jeannette stgermain said...

Barry,
You're first -an early riser? That's a lot to pay for parking!! The high costs and hassle of it is what make a train ride worth it, whether it's in Amsterdam or L.A. or any big city.

Jane,
Why the fast trains still aren't here, I wonder if it has to do with the strength of the auto industry?
Luckily when my daughter was there 10 y. ago, my relatives caught on to her innocence quickly LOL

Rainfield,
Haha, in my mind I just can see that little boy chasing after the buses! You'll have to go on time on a bus or train, just for the adventure. I think you'll like it.

Jen,
I understand! Anything new like that raises our heart rate a little:) Come to think of it, I could have posted a few pics of a train museum in the are where I live! Maybe an idea for your posts?

Monika,
I'm sorry to hear that, Monika. How is driving a car for you (probably not in winter with all that snow, but in general?)
That's crazy about those train tickets!

Irene,
I can tell that you are used to traveling by train, as many Dutchmen are. There have been a few times that I passed my destination - but when I was young I was quite absent minded:)

Clytie said...

Our area boasts a commuter train - within the past year. I will have to try it sometime, since I haven't been on a train since I was in Germany and rode one from Bavaria to Frankfurt - now THAT was an experience!

Glad your daughter made it okay!

Stephanie V said...

Train travel isn't the usual way to get around here. I was happy to discover trains on our visit to Ireland last summer. It was so easy. I just had to get used to needing more time and not going directly from A to B.

Whitemist said...

I never commuted as a young person and did not take a train till I was in my twenties, but loved the fright trains that would travel through Houston, blocking all traffic (what did i know about being in a hurry?). Always loved seeing the trains, tho i doubt my parents did.

The Muse said...

We still have trains going here...but only for special holidays...i think they are romantic...

I agree, I believe your daughter has had you as a good influence!

dogimo said...

Did you paint that top train as well? It's quite fantastic. As good as a Diebenkorn. The color choice is perfect - such a pale, bleak sky over a bar-graph grid of bold rusts and creams.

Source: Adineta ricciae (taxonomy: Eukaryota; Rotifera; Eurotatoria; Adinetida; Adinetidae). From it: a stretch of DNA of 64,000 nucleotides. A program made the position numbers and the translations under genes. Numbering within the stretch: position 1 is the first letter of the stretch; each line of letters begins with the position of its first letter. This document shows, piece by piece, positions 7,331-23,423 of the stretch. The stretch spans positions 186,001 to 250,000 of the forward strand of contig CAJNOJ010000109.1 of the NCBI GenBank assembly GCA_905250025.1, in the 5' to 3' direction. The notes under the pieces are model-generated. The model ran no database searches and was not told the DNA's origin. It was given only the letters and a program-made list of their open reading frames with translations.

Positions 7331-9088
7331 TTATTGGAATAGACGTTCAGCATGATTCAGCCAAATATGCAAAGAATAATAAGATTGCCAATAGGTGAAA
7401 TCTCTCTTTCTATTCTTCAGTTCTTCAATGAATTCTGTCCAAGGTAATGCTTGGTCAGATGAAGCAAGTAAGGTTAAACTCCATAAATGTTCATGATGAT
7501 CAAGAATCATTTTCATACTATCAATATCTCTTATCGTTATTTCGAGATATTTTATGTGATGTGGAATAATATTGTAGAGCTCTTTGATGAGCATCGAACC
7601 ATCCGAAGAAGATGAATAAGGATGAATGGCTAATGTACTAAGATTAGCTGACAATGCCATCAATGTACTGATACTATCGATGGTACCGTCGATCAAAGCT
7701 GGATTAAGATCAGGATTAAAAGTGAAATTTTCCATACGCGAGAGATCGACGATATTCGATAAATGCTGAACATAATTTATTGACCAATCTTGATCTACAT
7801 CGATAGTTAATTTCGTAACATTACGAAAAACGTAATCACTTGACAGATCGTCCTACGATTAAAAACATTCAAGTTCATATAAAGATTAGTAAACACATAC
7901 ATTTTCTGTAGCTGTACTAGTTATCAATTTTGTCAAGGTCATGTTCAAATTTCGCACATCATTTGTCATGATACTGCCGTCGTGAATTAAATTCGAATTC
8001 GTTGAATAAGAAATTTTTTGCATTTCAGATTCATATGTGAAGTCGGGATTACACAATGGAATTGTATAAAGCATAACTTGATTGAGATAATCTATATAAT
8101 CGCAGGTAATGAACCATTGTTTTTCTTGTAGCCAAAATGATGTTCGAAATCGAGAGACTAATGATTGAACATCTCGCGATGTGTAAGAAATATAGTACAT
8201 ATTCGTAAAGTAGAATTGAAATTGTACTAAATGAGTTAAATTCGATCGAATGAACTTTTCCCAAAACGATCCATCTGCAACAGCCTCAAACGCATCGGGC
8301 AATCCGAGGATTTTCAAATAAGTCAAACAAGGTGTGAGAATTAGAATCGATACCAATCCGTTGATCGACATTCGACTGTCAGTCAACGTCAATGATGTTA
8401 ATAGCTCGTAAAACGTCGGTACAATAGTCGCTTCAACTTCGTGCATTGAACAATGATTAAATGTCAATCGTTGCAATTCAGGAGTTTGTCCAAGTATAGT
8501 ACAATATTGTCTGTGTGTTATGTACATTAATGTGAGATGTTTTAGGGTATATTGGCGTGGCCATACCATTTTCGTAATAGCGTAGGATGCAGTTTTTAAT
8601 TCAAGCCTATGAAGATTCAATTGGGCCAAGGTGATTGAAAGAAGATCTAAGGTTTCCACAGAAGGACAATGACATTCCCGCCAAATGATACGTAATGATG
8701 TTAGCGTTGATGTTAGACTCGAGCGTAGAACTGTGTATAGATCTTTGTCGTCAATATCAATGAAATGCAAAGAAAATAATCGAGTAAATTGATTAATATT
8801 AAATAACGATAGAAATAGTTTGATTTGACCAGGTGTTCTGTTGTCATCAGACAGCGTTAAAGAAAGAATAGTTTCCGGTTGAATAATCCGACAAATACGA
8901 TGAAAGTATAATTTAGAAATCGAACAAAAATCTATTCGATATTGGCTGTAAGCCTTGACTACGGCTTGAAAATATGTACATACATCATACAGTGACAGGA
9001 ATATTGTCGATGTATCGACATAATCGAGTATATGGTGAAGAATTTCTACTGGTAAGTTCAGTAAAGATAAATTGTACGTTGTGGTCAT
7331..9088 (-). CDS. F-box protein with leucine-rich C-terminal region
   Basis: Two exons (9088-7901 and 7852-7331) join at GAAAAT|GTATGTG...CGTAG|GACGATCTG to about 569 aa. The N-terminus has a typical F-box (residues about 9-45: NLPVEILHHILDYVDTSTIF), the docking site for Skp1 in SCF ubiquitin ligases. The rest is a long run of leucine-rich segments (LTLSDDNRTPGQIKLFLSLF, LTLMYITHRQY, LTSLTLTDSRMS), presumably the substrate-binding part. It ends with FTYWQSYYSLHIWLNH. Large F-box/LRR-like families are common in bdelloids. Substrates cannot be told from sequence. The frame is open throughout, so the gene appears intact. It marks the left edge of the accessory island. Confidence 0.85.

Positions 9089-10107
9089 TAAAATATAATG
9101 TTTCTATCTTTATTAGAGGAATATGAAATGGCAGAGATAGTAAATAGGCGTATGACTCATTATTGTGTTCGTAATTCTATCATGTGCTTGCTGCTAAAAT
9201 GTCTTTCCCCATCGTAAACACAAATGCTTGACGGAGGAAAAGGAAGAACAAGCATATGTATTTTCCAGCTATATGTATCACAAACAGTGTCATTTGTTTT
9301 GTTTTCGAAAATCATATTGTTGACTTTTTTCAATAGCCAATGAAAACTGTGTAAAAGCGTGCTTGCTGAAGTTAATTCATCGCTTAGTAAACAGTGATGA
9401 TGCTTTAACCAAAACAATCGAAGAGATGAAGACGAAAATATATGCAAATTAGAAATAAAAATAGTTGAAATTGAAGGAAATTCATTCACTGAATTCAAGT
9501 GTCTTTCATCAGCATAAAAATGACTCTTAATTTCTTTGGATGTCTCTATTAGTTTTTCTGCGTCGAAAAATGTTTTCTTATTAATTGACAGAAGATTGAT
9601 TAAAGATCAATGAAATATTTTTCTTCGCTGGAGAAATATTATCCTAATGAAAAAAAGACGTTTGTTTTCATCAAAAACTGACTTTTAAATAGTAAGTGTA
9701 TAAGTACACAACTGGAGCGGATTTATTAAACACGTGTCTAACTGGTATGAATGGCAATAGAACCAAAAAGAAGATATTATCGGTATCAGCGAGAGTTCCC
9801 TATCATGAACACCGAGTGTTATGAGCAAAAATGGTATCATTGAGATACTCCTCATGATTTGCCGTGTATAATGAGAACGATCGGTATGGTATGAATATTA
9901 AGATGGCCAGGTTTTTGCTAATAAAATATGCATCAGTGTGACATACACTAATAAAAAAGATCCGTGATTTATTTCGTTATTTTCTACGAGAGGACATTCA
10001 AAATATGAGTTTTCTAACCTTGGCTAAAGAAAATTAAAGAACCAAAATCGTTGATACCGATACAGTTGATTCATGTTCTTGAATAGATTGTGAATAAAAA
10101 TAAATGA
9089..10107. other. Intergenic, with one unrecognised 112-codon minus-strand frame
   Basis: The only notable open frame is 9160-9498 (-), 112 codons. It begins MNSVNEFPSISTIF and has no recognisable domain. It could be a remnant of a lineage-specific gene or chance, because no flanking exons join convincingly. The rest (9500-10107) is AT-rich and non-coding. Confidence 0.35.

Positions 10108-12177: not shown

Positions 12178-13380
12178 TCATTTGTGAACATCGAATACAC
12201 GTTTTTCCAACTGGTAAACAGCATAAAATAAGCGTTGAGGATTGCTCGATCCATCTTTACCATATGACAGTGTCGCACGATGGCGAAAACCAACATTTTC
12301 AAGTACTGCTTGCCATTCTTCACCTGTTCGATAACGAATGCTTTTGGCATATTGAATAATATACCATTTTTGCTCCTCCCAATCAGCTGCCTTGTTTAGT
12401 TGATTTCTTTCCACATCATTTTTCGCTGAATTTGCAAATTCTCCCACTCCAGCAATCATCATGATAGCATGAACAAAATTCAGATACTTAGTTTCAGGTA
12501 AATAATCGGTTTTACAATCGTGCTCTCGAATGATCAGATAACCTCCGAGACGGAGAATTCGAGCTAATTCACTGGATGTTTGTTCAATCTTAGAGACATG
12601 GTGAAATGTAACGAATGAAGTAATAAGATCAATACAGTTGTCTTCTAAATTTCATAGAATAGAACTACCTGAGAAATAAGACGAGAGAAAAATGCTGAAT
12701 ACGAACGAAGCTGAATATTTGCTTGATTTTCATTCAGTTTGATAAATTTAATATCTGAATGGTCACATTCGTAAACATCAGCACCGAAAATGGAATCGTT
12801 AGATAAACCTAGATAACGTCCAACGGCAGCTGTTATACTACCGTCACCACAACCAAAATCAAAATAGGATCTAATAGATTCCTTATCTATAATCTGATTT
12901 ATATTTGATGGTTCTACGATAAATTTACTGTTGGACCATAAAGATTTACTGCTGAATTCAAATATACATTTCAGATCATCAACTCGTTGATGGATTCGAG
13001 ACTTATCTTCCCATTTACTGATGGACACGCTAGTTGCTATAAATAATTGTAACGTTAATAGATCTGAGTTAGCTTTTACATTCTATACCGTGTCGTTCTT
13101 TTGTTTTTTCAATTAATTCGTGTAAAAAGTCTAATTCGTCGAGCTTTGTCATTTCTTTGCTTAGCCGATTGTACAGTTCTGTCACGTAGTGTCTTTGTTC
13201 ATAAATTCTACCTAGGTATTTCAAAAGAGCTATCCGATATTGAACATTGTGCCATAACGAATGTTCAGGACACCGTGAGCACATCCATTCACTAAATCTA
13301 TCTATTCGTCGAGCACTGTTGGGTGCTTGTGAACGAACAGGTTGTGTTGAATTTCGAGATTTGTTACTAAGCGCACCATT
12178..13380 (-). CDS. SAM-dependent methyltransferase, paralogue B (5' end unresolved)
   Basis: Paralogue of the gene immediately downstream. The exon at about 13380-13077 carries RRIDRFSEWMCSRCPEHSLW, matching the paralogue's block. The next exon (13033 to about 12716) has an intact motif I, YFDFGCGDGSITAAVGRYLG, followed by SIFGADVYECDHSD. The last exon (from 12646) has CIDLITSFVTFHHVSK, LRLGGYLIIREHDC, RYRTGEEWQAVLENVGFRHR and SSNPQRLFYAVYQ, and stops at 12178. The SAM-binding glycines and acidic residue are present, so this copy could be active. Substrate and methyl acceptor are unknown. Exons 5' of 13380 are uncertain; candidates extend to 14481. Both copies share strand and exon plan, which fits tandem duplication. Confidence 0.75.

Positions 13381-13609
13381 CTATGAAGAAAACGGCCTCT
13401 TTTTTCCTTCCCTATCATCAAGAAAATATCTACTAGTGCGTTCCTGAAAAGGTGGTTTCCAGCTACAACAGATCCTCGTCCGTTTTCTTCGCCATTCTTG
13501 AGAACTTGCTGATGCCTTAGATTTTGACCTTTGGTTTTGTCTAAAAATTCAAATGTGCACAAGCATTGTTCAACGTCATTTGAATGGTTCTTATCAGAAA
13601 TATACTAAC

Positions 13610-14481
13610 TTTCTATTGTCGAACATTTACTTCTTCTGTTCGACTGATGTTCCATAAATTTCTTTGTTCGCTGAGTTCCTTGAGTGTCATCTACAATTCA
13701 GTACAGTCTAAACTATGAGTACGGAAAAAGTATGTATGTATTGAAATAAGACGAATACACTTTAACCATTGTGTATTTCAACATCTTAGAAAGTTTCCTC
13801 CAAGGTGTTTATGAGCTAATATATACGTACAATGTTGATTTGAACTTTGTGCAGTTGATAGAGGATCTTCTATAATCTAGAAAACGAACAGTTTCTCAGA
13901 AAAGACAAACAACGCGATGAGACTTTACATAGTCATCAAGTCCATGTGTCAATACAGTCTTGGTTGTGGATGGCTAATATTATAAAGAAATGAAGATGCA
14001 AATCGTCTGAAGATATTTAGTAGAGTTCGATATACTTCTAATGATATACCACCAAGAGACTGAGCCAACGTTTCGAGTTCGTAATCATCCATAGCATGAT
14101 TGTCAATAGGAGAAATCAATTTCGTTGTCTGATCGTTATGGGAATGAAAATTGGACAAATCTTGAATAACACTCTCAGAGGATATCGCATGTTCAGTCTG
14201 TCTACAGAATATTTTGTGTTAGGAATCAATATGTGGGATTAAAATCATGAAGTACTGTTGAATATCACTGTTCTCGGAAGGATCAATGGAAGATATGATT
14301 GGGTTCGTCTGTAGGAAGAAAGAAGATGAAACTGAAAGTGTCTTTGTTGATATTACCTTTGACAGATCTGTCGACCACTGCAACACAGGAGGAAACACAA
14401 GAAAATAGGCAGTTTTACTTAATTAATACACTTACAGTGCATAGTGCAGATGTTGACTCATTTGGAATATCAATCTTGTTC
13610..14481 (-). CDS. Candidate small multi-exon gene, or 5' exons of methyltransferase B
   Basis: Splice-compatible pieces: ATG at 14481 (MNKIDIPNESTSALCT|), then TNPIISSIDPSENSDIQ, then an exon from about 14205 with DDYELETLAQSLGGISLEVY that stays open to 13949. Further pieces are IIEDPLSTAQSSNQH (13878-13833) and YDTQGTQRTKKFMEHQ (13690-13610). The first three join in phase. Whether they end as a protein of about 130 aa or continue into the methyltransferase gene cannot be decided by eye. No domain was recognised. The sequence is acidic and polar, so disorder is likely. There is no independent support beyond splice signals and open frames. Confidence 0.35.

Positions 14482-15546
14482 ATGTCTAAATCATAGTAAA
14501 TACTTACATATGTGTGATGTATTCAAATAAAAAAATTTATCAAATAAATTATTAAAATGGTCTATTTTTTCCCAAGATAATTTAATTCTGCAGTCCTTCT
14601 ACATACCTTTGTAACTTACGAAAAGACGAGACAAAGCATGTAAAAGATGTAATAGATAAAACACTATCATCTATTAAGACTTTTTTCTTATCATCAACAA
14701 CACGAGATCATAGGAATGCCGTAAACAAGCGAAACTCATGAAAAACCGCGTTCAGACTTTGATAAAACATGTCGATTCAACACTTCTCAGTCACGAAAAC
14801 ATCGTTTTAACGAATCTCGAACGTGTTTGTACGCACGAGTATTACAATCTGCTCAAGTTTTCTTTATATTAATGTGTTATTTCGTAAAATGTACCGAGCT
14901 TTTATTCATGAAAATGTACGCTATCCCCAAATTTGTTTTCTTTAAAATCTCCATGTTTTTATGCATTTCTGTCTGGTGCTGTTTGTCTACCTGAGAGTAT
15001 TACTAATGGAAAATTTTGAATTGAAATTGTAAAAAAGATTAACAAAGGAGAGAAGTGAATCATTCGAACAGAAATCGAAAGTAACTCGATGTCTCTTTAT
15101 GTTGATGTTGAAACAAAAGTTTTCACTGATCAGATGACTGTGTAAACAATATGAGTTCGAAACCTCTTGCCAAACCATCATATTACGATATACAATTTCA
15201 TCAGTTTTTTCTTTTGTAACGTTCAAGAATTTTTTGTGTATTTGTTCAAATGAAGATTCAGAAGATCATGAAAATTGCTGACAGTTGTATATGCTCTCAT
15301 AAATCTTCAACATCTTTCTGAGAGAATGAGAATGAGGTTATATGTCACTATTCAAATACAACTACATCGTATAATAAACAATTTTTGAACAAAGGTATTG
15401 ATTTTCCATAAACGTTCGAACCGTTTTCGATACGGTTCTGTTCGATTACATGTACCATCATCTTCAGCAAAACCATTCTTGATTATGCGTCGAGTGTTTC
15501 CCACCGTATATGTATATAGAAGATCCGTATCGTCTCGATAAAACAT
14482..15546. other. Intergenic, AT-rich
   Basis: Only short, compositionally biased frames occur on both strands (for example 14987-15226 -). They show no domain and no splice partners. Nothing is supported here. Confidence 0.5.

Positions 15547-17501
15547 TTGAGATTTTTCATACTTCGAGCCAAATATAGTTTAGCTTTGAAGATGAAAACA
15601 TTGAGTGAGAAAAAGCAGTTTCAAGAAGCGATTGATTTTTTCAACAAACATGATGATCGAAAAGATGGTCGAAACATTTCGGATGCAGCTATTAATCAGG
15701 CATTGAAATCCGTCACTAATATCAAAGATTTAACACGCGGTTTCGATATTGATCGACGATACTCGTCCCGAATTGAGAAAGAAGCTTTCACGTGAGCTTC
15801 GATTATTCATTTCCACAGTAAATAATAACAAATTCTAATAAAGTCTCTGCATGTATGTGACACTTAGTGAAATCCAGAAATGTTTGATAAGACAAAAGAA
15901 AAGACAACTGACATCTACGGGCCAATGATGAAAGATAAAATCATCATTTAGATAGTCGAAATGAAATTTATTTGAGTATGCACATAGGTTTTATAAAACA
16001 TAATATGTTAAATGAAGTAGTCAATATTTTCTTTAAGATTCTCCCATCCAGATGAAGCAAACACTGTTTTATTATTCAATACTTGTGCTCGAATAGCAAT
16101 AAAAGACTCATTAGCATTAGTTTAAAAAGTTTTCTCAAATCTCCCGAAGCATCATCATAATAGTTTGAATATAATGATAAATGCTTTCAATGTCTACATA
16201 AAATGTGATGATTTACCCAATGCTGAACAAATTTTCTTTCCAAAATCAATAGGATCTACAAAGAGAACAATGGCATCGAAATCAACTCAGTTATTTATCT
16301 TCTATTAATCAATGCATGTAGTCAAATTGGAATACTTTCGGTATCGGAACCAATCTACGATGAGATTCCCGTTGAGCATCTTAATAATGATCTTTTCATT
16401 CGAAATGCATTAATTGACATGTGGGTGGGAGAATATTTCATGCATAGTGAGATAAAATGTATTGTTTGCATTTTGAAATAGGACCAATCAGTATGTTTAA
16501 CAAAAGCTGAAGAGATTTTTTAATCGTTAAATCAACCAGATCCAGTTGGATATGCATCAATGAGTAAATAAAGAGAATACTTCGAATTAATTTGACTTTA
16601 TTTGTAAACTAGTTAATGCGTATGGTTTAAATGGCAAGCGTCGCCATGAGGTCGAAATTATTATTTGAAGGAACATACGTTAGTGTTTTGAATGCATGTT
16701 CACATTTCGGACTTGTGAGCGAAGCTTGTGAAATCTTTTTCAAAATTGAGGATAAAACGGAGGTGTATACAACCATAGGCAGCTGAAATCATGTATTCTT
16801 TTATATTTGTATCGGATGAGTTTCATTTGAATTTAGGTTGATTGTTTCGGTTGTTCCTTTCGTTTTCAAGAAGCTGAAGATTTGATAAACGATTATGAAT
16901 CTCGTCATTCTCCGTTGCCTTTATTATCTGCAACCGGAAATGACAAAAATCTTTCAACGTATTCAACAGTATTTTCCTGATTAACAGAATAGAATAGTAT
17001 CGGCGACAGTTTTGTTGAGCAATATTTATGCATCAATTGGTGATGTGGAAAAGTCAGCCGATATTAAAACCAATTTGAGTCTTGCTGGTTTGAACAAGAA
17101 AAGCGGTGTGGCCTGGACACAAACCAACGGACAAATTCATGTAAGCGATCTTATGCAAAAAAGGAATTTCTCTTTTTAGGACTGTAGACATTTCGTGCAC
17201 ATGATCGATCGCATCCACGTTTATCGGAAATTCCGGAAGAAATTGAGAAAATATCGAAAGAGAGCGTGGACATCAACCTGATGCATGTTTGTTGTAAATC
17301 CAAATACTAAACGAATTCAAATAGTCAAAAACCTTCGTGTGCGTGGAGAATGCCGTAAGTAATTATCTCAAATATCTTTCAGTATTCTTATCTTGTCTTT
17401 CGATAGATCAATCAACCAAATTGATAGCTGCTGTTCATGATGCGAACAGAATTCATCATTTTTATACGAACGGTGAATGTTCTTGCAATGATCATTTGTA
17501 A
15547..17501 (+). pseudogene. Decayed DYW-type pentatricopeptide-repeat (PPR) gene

I like the pensive traveler in the bottom one. She seems both helpless and mentally prepared, somehow. I guess we're all a bit helpless on a train - being carried along.

jeannette stgermain said...

Clytie,
Bavaria -were you in the Black Forest? (that's South East Bavaria) It's beautiful there. Frankfurt is quite a busy city!
I can imagine that that was an experience, but quite safe compared to the German freeways -you have no idea how fast they go there!

Stephanie,
Yes, it's a different mindset, isn't it, than driving a car. And easier if you're used to drive on the right side of the road (I assume they drive on the left as in the UK)

Joey,
So many good things about our youth, and one is that we don't know about what it is to hurry!! One of the plagues of adulthood is that most of us forget to enjoy things!

Muse,
I remember that you had some posts in the past about trains (also remember that it was very inventive writing:) )
It's good to enjoy life:)

Dogimo,
Sorry to disappoint you, the first pic is a photo. If you know Diebenkorn, you know quite a bit of art, and I also notice that you go for the meaning in a painting! Who are your favorite painters?

dogimo said...

...and I'm not afraid to look a bit the fool! Funny, funny. Ok, in my defense, I clicked on the pic and it got smaller instead of bigger!

I was squinting at it, it crossed my mind it might be a photo! But in the end I said, "no way, it's entirely too painterly."

Brilliant photo!

My fave painters would have to be Magritte, Matisse, and Di Chirico, but there really aren't any of the top old-school modernists who don't have at least a few pieces that I love, truly love. Love Degas, love Cezanne. Dali I find fascinating, though I feel he never lived up to how cool he knew himself to be. DuChamp's great, not so much as a painter though. The names that stick out are kind of a hodge-podge of soulful technicians and smartasses.

Love Bob Ross.

jeannette stgermain said...

Dogimo,
You probably came to the conclusion that the first one was a painting, because I reworked it somewhat in Photoshop:)
I'm totally flattered that I tricked you though:)
I agree with all of your choices of painters -I love Matisse too, and I thought your next one would be Picasso!

Now it's my turn to be confused -on your blog you say that your name is "Joe", so are you Joe and Bob?

Sreddy Yen said...

Hi Jeannette! I love train (and plane) trips. It is so intriguing to watch the people come and go as the train approaches different destinations. I like to imagine what these people do at these various places. Lovely water-colour...are you depicting yourself?

DawnTreader said...

Jeannette - I don't drive since ten years. I get tired much too quickly, and would have problems with some movements. So - I pretty much don't go anywhere! (Within town I take the bus.)

dogimo said...